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      Gastrointestinal Disease in Guinea Pigs and Rabbits

      , DVM, MS a , , DVM, DABVP (Avian/Exotic Companion Mammal), DACZM a , b ,

      The Veterinary Clinics of North America. Exotic Animal Practice

      Elsevier Inc.

      Gastrointestinal disease, Rabbit, Guinea pig, Stasis, Enteritis, GDV, Liver torsion

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          Abstract

          This article reviews diagnosis and management of gastrointestinal diseases in guinea pigs and rabbits. The review includes established causes of gastrointestinal disease in these species. The authors highlight syndromes that may be considered emerging or less-recognized causes of gastrointestinal stasis, including gastric dilation and volvulus in guinea pigs and lead toxicity, colonic entrapment, and liver torsion in rabbits. Practitioners should recommend initial diagnostics, including radiographs and blood work on guinea pigs and rabbits presenting with nonspecific signs of gastrointestinal stasis, to better determine possible cause and make the best treatment recommendations.

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          Most cited references 54

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          Isolation and characterization of a novel Betacoronavirus subgroup A coronavirus, rabbit coronavirus HKU14, from domestic rabbits.

          We describe the isolation and characterization of a novel Betacoronavirus subgroup A coronavirus, rabbit coronavirus HKU14 (RbCoV HKU14), from domestic rabbits. The virus was detected in 11 (8.1%) of 136 rabbit fecal samples by reverse transcriptase PCR (RT-PCR), with a viral load of up to 10(8) copies/ml. RbCoV HKU14 was able to replicate in HRT-18G and RK13 cells with cytopathic effects. Northern blotting confirmed the production of subgenomic mRNAs coding for the HE, S, NS5a, E, M, and N proteins. Subgenomic mRNA analysis revealed a transcription regulatory sequence, 5'-UCUAAAC-3'. Phylogenetic analysis showed that RbCoV HKU14 formed a distinct branch among Betacoronavirus subgroup A coronaviruses, being most closely related to but separate from the species Betacoronavirus 1. A comparison of the conserved replicase domains showed that RbCoV HKU14 possessed <90% amino acid identities to most members of Betacoronavirus 1 in ADP-ribose 1″-phosphatase (ADRP) and nidoviral uridylate-specific endoribonuclease (NendoU), indicating that RbCoV HKU14 should represent a separate species. RbCoV HKU14 also possessed genomic features distinct from those of other Betacoronavirus subgroup A coronaviruses, including a unique NS2a region with a variable number of small open reading frames (ORFs). Recombination analysis revealed possible recombination events during the evolution of RbCoV HKU14 and members of Betacoronavirus 1, which may have occurred during cross-species transmission. Molecular clock analysis using RNA-dependent RNA polymerase (RdRp) genes dated the most recent common ancestor of RbCoV HKU14 to around 2002, suggesting that this virus has emerged relatively recently. Antibody against RbCoV was detected in 20 (67%) of 30 rabbit sera tested by an N-protein-based Western blot assay, whereas neutralizing antibody was detected in 1 of these 20 rabbits.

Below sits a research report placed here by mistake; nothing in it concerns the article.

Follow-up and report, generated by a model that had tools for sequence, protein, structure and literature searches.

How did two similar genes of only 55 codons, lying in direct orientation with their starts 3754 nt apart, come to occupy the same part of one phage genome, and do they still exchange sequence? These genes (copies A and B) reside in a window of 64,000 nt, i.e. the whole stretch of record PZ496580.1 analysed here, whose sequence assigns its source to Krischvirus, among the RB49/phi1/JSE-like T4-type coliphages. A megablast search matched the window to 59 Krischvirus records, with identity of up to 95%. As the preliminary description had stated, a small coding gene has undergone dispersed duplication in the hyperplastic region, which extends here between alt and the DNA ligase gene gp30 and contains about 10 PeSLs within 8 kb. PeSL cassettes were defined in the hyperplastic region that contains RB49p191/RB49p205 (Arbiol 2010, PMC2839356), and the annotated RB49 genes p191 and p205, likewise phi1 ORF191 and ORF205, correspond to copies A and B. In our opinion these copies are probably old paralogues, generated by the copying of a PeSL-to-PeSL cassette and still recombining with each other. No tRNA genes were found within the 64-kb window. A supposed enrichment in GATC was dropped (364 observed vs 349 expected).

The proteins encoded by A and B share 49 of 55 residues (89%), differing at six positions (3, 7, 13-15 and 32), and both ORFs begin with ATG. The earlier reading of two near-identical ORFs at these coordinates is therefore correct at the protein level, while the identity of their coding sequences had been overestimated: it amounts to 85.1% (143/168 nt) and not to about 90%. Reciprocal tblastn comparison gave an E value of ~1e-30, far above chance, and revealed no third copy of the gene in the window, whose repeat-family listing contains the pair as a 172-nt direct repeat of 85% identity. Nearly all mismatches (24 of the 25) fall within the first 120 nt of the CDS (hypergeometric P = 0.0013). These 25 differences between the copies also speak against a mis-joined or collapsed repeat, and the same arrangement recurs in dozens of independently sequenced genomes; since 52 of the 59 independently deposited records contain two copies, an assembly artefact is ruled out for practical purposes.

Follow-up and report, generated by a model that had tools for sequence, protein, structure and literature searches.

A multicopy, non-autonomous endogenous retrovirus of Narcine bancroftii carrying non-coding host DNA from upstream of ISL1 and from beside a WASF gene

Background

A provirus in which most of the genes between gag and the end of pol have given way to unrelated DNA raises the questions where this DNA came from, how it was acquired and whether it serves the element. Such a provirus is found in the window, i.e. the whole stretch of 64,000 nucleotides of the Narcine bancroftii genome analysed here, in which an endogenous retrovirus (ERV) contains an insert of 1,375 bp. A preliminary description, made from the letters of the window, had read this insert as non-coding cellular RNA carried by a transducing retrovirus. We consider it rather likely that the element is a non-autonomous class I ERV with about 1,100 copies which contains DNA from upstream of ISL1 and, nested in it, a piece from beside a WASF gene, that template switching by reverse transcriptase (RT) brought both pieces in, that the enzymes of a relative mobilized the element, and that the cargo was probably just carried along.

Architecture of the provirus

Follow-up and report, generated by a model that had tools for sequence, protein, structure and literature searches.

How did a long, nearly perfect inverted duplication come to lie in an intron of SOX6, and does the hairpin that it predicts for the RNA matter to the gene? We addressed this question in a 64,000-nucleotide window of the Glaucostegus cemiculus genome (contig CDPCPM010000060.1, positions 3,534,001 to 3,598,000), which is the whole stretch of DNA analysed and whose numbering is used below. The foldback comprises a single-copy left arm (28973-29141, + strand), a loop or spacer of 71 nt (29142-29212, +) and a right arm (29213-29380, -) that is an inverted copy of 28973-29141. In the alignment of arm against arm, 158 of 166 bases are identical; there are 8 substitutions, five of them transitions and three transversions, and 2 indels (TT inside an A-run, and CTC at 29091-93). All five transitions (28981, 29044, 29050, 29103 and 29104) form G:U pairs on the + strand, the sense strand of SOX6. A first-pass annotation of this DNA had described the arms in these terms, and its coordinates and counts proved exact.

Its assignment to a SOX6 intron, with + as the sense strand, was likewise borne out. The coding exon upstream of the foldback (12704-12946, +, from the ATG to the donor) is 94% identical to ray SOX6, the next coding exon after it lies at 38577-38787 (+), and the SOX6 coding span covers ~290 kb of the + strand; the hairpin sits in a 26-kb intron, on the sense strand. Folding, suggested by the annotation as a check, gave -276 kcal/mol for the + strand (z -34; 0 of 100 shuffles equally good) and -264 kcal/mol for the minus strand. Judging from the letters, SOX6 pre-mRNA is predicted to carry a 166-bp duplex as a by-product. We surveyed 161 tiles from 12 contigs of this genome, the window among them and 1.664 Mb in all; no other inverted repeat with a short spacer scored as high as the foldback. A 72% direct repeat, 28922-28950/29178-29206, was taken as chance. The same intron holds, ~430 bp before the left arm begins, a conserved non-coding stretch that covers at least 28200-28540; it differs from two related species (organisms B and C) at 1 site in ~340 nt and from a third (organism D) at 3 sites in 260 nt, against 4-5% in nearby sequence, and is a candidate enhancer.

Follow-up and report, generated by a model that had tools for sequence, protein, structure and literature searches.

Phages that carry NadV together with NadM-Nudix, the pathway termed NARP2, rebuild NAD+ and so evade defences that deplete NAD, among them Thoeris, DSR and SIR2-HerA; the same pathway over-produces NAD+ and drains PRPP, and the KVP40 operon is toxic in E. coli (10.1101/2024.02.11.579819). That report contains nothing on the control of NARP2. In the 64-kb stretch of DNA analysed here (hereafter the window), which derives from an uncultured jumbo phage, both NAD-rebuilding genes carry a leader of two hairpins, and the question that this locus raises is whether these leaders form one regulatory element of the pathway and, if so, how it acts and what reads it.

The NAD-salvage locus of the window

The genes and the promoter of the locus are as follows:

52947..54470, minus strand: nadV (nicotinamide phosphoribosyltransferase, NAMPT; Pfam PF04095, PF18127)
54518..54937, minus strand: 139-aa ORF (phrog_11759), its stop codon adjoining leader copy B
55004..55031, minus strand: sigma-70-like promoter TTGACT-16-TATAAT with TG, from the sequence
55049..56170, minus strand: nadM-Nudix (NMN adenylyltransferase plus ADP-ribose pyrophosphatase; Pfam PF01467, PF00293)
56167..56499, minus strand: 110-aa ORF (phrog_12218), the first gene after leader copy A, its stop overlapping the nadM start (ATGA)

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            Proliferative enteropathy.